Testing New Drives
To set up my network attached storage (NAS), I recently ordered two 4 TB WD Red
drives. After some research (here and here) I came up with the protocol below. Note: run all commands as root and replace
/dev/disk with the appropriate device name for your setup:
- read out S.M.A.R.T attributes:
smartctl -a /dev/disk > baseline
- perform a conveyance test to check for damages during transport:
smartctl -t conveyance /dev/diskand compare to baseline
- perform a short test:
smartctl -t short /dev/diskand compare to baseline
- run badblocks on complete disk:
badblocks -wsv -b 4096 -t random -o badblocks.txt /dev/disk, monitor temperature and compare to baseline. This took around 7 hours for my drives.
- another short test:
smartctl short /dev/diskto see if errors came up
- finally, perform a long test:
smartctl long /dev/diskand check attributes one last time. You can see the estimated runtime of the test with
smartctl -c /dev/disk
After all these tests, if none of the critical attributes were affected, we can put the drive into production. If not, send it back. In my case, both drives passed the tests.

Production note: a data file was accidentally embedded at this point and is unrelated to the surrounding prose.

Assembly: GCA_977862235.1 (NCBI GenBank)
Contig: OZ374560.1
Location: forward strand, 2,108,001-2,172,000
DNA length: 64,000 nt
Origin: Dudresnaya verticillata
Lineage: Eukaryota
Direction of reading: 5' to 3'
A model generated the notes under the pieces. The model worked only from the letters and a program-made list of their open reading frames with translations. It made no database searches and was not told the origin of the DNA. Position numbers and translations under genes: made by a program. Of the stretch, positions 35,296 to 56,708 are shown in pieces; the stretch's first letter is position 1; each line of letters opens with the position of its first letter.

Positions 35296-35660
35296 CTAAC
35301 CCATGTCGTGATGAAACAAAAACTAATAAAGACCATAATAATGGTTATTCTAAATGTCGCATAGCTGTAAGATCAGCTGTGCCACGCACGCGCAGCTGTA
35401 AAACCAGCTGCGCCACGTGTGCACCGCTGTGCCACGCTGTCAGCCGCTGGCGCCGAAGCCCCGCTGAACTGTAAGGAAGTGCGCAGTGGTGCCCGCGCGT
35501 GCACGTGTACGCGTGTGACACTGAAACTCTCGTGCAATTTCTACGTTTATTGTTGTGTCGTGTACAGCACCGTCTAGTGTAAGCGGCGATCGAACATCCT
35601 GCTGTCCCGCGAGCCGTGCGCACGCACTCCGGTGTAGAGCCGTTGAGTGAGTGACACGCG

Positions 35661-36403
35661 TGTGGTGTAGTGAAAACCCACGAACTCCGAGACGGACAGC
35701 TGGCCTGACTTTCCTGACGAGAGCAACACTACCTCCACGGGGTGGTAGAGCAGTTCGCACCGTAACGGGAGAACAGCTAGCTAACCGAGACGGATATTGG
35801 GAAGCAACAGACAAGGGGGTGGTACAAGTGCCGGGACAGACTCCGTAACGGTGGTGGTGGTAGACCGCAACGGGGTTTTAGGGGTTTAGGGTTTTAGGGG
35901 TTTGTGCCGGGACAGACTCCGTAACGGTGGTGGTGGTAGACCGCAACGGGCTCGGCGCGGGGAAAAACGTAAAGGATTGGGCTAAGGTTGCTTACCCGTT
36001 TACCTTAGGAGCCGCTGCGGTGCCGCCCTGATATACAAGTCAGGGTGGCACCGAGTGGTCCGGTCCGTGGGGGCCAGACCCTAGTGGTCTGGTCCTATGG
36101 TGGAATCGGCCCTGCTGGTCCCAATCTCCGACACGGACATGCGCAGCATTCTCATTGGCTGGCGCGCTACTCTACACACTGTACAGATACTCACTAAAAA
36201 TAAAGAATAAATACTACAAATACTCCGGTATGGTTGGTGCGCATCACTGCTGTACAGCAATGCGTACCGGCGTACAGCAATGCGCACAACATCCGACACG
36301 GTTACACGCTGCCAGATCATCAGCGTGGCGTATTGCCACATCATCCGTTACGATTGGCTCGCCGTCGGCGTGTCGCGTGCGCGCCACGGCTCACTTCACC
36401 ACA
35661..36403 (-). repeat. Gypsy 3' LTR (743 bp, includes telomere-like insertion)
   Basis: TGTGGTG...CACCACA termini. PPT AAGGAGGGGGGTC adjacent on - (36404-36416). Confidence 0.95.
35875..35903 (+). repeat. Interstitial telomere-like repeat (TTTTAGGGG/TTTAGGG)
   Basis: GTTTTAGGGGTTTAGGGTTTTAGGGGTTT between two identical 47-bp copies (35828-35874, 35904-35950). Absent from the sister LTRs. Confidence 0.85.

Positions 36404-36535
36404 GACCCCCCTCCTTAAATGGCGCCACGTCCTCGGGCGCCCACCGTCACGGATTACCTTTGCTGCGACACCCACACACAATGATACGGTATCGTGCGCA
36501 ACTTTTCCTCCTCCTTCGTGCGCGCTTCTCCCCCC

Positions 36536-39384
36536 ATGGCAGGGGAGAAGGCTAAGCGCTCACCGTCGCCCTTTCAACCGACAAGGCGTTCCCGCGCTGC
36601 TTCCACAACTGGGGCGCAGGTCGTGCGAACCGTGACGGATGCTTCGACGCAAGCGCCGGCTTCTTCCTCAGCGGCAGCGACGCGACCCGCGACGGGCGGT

After having read the S.M.A.R.T attributes on the fresh disk in Step 1. above, and saved
to a file called
baseline, we can compare the attributes to this baseline after
each test with the following code:
smartctl -a /dev/disk > attributes diff baseline attributes
Check for any differences, especially in the following attributes:
If any values in the column RAW_VALUE get/are above 0, return the disk.
Some of the tests, especially
badblocks stress the drive and increase
its running temperature. It is important to have enough cooling and to monitor
disk temperature regularly (e.g. every 4 hours) using the following command:
smartctl -l scttemp /dev/disk
The temperature should never rise above the maximum recommended temperature indicated in the output of that command (65 degrees Celsius for my drives). If it reaches 5°C less than that maximim temperature, immediately abort the test and provide the drive with better cooling. Then resume testing.